NBTC hints at potential changes to foreign ownership regulations

17 Nov 2011

Thailand’s newly formed telecoms regulator, the National Broadcasting & Telecommunications Commission (NBTC) has hinted that upcoming hearings could lead to a revision of the country’s foreign ownership regulations, which aim to restrict the influence of overseas shareholders in Thai communications operators in order to protect national interests. Specifically, a hearing on 30 November is planned to discuss the Foreign Dominance Notification which became effective on 31 August, having been introduced by an acting line-up of the NBTC consisting of members of the outgoing National Telecommunications Commission (NTC). According to Thai newspaper The Nation, NBTC commissioner Sutipol Thaweechaikarn indicated the new regulator ‘might consider revising the regulations governing foreign dominance of the telecom sector amid concerns that the current rules might contravene free-trade principles.’ The NBTC is of the view that it should hold a hearing, as there are differing points of view on the issue, and will invite a range of experts from areas including law and economics as well as representatives from embassies and foreign chambers of commerce to take part in the discussion. Another unnamed NBTC source was quoted as saying a revision or even abolition of the most recent regulation was ‘likely’.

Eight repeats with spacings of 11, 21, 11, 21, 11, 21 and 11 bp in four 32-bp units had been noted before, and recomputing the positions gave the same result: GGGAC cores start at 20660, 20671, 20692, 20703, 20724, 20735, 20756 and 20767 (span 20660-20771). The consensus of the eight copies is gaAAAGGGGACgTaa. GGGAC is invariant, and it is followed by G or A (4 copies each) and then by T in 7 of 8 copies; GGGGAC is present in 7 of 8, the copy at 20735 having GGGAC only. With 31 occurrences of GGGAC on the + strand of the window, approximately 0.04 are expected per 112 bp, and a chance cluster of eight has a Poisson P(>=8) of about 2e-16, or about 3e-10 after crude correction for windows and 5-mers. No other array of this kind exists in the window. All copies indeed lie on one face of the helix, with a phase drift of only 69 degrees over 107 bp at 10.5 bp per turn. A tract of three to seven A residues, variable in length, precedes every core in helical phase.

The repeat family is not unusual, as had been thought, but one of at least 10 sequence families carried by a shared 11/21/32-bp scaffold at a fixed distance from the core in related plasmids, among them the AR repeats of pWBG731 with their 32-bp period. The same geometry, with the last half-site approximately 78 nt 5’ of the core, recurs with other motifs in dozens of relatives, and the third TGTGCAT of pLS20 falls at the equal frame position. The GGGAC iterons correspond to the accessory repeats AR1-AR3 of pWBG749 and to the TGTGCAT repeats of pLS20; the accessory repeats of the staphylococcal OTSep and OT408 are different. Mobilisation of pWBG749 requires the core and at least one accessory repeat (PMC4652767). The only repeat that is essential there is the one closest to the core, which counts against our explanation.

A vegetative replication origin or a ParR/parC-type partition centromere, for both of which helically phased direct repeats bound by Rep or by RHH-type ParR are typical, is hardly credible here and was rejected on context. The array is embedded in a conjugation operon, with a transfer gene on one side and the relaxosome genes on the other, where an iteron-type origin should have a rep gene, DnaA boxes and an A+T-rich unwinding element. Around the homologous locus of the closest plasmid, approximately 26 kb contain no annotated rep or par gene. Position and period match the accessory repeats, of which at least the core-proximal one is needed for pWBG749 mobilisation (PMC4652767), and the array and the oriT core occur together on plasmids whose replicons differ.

TeleGeography’s GlobalComms Database notes that foreign investors including Temasek of Singapore (controlling Thai mobile market leader AIS) and Norway’s Telenor (managing shareholder in second-placed cellco DTAC) have been able to get round a foreign ownership limit of 49% by holding majority shares through local nominee companies. The cellcos have been investigated on a number of occasions on the basis that they might break foreign dominance rules but to date have not been ordered to change their ownership structure. Recently, DTAC stated its belief that the most recent (August) regulatory decision on foreign ownership is not applicable to its operations, claiming that the notification is ‘unclear in many respects and may contravene other legislations that have higher hierarchy of law.’ In light of this, DTAC added that it is working with the NBTC and the communications ministry ‘to clear and resolve legal uncertainties’.

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